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Counting Coup: The Invisible Victories

Generals are often the last to know about their victories.   Fragmented reports of a platoon leader accepting an enemy squad’s surrender or a company commander overrunning a position never reach the commander until the staff has confirmed prisoner counts and an inventory of weapons captured.   They know from experience to disregard early reports of both victory and defeat.  It takes a while to assemble fragmented information from various units in the field and confirm a victory.

Smells Like Victory

In local politics where each activist is more or less his or her own general, it’s even tougher to assess victory.  Is it too early to utter the shrill ululation of counting coup after the race for RNC chair and the Texas Speaker didn’t turn out as well as we had hoped?  Let’s examine the evidence with the jaundiced eye of a chief of staff.

Here in Los Angeles county where I serve on the GOP, we did a bit of planning at our biennial caucuses and organizational meeting.  Since the LA GOP is not a continuing body, the organizational meeting first swears and seats the newly elected members who then (usually) accept the by-laws that governed the previous body.

Then the fun starts, and it happens fast.

As had been arranged, I was selected as chair for my own assembly district (one of 26 in LA County).  I then instructed my district committee members (seven of us in all) to attend the succeeding caucuses (ones for senate and congressional districts) and seek the chairs of those caucuses.  They returned from those caucuses with their respective gavels in hand (figuratively).   That gave my one little committee of seven a total of three votes on the county executive committee.  And we are gathering more and can probably soon count on 5 county executive committee votes.  And my district committee has yet to identify or make liaison with the other ‘tea party’ districts in the county.  Wait until that happens.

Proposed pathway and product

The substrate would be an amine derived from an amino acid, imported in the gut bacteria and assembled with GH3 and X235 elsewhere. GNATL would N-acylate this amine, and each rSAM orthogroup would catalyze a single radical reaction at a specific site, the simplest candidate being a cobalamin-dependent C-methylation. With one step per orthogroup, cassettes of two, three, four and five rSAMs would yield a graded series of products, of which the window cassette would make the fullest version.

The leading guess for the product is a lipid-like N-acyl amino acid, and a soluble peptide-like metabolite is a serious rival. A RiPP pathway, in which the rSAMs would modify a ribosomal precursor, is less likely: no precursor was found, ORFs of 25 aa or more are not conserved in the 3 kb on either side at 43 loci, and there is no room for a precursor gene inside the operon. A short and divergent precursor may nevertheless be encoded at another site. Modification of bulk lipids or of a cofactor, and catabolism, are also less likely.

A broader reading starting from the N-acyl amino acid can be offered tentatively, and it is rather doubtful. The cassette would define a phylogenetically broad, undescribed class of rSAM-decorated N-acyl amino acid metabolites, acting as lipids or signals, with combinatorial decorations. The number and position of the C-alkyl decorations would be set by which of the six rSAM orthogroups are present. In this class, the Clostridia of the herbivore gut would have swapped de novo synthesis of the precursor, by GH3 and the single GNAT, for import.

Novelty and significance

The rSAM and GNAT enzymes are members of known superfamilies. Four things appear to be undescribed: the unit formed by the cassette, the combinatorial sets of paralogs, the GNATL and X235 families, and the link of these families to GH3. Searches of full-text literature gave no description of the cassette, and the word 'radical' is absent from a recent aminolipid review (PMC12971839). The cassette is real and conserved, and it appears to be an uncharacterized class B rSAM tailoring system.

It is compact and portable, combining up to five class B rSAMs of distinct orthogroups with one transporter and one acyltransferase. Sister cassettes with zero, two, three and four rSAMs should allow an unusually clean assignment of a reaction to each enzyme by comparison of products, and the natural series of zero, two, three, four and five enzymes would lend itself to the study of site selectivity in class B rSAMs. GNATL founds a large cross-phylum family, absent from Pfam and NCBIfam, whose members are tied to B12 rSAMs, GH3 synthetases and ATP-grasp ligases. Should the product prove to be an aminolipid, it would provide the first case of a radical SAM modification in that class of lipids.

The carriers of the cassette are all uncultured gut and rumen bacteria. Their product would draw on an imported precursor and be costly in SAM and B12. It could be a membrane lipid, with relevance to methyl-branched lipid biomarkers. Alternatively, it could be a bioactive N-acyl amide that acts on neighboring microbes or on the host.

But there’s more.  Much, much more.  Selection of delegates to the state GOP committee is about to begin.

It’s much easier to join the state committee in CA (and many other places) than one may think.  This would be the same state committee that chooses our RNC Committeemen.  Yes, I am saying that it’s only one step up the party ladder from initial involvement to choosing RNC Committeemen.  Candidates, even unsuccessful ones, for state offices such as assembly or senate, other state offices, and US offices get to appoint state delegates.  Now how many on our local district committee of seven do you think worked those campaigns and are deserving of the appointment?   Since we know the candidates intimately, try seven out of seven.  While no political IOU is bankable until actually paid, we have padded our preliminary counts with enough extra requests of candidates to allow fully for some not coming through for us.

Influence, when it accrues, sometimes accrues very, very quickly.

If it’s happening (fast) in my own corner of the county, then it’s happening in counties (and states) elsewhere.  And even without the victories we wanted so badly recently, the RNC chair and Texas speaker will soon begin showing signs that they heard us clearly.  The RNC Chair already has.

The Tea Parties have no general staff to assess reports and assemble a picture of victory or defeat.  But platoons are reporting in from CA just as Coldwarrior reports (with hard metrics satisfactory to any secretary of the general staff, as pilgrim knows) that the tea party has a 70% plurality in the urban counties in AZ.  Regiments report advances and victories in UT, MI, WI, OH, NY and NV.  Tea Party Nation and Patriotic Action Network (Resistnet) have both placed the PC Strategy at the top of their battle plans for 2011, and these are prize battalions.  Erick at Redstate.com has called for deployment of the PC Strategy in 2011.

When the smell of victory is in the air, even an amateur military historian doesn’t need the centralized authority of a general staff to conclude:

It’s time to conduct a major offensive.

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